Saudi-funded LIV Golf could get banned from NJ, Trump’s course
TRENTON – State lawmakers have taken a first step toward blocking the Saudi-funded LIV Golf league from ever holding another event in New Jersey, as it did this July at former President Donald Trump’s club in Bedminster.
The renegade golf league that is upending the long-dominant PGA Tour has been criticized as "sportswashing" – allowing wealthy Saudi Arabia, through its Public Investment Fund, to try to improve its shoddy reputation when it comes to human rights.
Sen. Andrew Zwicker, D-Middlesex, said the bill (S3032) endorsed last week by a Senate committee is narrowly written with the LIV Golf tour in mind, though the target isn’t directly named in the legislation.
“It is tailored to go specifically after one particular golf tournament that is sponsored by one particular country with an abhorrent human rights record,” Zwicker said.
Under the bill, any place in the state that hosts a sports event funded through a sovereign wealth fund – such as Saudi Arabia’s – would have their operating licenses and permits suspended for one to four months.
9/11 victims inspire bill
Zwicker said Saudi Arabia shouldn’t be allowed to launder its reputation by hosting sports events and owning sports teams. He said he has received communications from people whose loved ones were killed on 9/11 thanking him for the bill.
“No one would have believed that after that terrible day that we would be allowing foreign governments to hold events in New Jersey in an attempt to clean up their image after centuries of human rights abuses and connections to terrorists," said Sen. Richard Codey, D-Essex.
“This government is using this tournament to try to increase their reputation around the world," Zwicker said, "when at the same time whether it comes to 9/11 and the thousands of Americans that lost their lives during that brutal attack, beheading of a journalist, and overall, across the world people, human rights organizations condemning their record."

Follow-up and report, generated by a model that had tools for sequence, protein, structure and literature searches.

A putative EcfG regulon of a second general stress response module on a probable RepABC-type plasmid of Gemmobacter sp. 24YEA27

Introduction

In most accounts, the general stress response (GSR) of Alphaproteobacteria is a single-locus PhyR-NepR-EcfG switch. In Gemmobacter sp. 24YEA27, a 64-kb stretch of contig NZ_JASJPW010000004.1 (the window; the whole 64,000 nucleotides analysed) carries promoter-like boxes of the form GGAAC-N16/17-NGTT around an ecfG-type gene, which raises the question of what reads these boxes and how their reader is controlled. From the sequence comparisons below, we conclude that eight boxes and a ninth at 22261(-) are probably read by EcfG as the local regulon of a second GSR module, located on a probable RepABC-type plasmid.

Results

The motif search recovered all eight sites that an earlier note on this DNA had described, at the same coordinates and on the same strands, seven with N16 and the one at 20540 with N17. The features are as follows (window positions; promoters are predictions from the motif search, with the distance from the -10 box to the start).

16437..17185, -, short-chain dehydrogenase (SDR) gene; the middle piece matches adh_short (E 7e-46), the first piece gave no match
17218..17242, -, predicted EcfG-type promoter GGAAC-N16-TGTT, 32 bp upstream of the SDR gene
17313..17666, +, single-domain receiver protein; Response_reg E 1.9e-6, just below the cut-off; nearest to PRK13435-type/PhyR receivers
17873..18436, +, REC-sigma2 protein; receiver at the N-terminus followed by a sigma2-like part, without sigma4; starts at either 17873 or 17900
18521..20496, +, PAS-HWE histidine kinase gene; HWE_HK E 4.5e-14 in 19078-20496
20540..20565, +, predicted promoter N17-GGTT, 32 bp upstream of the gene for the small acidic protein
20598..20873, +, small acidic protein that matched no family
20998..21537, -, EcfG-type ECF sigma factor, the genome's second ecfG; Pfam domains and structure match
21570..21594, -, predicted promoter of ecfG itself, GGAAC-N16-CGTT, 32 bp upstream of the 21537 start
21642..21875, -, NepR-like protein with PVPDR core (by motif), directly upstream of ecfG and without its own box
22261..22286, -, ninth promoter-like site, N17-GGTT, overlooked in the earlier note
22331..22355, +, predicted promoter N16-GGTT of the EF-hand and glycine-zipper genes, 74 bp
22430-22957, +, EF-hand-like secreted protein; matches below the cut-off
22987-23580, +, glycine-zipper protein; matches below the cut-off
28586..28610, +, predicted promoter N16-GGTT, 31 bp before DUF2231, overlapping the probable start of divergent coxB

Republicans are skeptical
Dozens of countries and 10 U.S. states have sovereign wealth funds. For that reason, Sen. Vince Polistina, R-Atlantic, said the bill could be pretty far-reaching in not explicitly stating its goal.
“Why not just say you don’t want Donald Trump to be able to hold a golf tournament at his golf course in New Jersey?” Polistina said.
The bill was approved by the Senate State Government, Wagering, Tourism & Historic Preservation Committee in a 3-2 vote along party lines, with the Democrats in favor and Republicans opposed.
“Only a couple of weeks back that I see our president fist-bumping the prince … and dealing with him on an international level,” said Sen. James Holzapfel, R-Ocean. “I think that maybe the resolution should be or the bill should be directed to President Biden not to be involved with Saudi Arabia. I don’t know that this is really much a cure for the problems that we’re talking about.”
Biden fist-bumped with Saudi Crown Prince Mohammed bin Salman in July and was criticized for it.
Zwicker said there’s more than one way to try to affect change.
“The idea that we have both carrots and sticks as a way to get progress I think is the right way to approach this,” he said.
The bill would need approval by the full Senate and action in the Assembly before it could reach Gov. Phil Murphy's desk.